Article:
On Location: Meet Me at the Race Riot, Sexhibition, & OWS

Monday, November 21, 2011

You know when you're on hyperdrive and you just can't slow down even for a second? For me, that feeling pervaded the tail-end of this last week. This semester, I often feel more real working and attending these events than I do in the classroom. Now that's not to say that I'm going to gallavant off and never finish my degree, but sometimes the activist and creative work that I do really does satisfy me in a way that writing academic papers can never touch. Who says you can't take a break from it once in a while? Here are the highlights.

Meet Me at the Race Riot
I found myself extremely star-struck by the awesome panel of zinesters that I was asked to speak with. Mimi Nguyen (Evolution of a Race Riot), Osa Atoye (Shotgun Seamstress), Mariam Bastani (Maximum RockNRoll), Jamie Varriale Velez, and our fabulous moderator Daniela Capistrano (Bad Mexican) blew me away with their riveting thoughts on everything from being a person of color in the punk movement to zine culture and its impact on them as writers and creators of independent media. I was the first reader of this brilliant set of women, and though I was nervous, I was also energized by the amount of people that showed up to this amazing event. By the end, I just wanted to be friends with everyone in the audience and on the panel.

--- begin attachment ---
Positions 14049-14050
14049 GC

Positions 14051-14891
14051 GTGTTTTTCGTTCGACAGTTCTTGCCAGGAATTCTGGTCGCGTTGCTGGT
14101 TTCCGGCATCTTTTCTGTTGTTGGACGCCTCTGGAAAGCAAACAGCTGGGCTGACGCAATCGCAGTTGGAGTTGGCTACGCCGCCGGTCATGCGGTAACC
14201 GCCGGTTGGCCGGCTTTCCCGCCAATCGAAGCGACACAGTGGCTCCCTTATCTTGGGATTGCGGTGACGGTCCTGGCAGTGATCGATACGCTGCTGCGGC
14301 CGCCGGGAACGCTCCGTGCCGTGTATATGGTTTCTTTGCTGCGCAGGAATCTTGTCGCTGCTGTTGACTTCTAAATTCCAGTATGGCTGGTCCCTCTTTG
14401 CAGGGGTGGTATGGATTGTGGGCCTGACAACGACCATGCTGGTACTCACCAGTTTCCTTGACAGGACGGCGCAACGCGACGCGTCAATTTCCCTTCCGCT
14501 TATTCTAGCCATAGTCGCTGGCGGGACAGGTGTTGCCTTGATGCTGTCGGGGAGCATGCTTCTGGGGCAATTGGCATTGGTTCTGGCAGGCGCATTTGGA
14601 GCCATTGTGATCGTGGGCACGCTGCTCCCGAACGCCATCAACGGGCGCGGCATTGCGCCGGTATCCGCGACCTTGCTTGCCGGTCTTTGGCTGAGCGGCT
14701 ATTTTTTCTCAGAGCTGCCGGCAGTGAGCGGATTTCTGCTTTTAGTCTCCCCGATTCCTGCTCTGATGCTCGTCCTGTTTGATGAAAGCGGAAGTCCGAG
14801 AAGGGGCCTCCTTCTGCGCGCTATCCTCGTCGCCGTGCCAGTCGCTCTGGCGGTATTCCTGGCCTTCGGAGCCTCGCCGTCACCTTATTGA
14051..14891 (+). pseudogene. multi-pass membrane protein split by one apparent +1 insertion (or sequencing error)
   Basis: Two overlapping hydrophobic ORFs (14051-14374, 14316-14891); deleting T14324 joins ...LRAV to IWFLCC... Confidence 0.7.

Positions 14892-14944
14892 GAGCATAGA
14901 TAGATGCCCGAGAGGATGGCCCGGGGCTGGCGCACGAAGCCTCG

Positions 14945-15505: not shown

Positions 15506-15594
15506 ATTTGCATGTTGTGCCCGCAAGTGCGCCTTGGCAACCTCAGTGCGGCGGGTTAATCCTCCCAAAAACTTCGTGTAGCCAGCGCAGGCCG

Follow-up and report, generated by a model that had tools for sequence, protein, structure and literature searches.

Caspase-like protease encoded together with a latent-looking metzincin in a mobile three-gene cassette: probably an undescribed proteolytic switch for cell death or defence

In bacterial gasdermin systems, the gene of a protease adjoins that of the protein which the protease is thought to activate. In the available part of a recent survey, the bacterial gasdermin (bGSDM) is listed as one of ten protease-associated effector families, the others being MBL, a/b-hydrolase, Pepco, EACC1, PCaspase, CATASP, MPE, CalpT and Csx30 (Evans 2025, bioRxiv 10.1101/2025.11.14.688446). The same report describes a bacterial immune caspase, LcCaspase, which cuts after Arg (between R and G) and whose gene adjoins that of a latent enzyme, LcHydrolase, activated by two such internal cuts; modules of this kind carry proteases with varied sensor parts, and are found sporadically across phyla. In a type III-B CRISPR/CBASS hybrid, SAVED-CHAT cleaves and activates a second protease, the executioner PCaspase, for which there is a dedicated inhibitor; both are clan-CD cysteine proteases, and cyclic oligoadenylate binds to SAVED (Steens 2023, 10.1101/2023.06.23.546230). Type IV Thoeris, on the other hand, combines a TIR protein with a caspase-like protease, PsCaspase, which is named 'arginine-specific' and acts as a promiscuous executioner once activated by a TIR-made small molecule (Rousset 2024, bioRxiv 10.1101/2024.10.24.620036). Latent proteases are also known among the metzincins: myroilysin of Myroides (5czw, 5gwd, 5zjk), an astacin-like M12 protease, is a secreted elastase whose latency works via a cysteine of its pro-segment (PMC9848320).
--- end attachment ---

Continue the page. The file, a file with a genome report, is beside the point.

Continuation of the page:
You can watch a video of the whole thing right here, since it was livestreamed as we were doing it (oh, the fancy technological era we live in...), and draw your own conclusions.

The next morning, Well Woman hosted a table at Take Back the Night's day of celebrating sex and providing safe sex materials to the campus. Sexhibition is a real hoot to me because we get all of these strange looks from the passerby in the Columbia student center, wondering why we have puzzles with pictures of vulvas on them and cookies in the shape of penises (you can frost your own!). As a health peer educator, we often get really dry questions about sex to avoid the awkwardness of talking about it with someone you don't know very well. Sexhibition is the one day that we get to break out, play silly games, and make the conversation as awkward as possible. I love it.

Occupy Wall Street
On a much more serious activist note, I went down to the student protest in solidarity with the Occupy CUNY schools on Friday. They held a protest in Union Square and then marched on Foley Square, where the Occupy Wall Street group met up with them. It was the first time I'd been to an unsanctioned protest, and I must tell you that it was tense. I felt a lot of emotions going into it - excitement, of course, but also fear of both police violence and rowdy crowds. And then there was the anger that gets mixed in with conviction. The feeling that what we are doing is only one small cog in the universe. The thrill of running through the NYC streets. And the guilt at seeing this as a once-in-a-lifetime experience and not an everyday struggle.

My mind was just as incoherent as the statements above. I believe that we have to take a very nuanced look at protests and activist demonstrations, but that doesn't meant that we should be removed in our academic outposts - we need to participate, but we also need to critique. It's a hard and fine line to straddle.

This weekend was a mix of all those things that I value the most out of my non-academic life. They put me in my place, but also show me what I can do to improve our situation. And they encourage me, most of all, to keep on doing all that I do for our communities.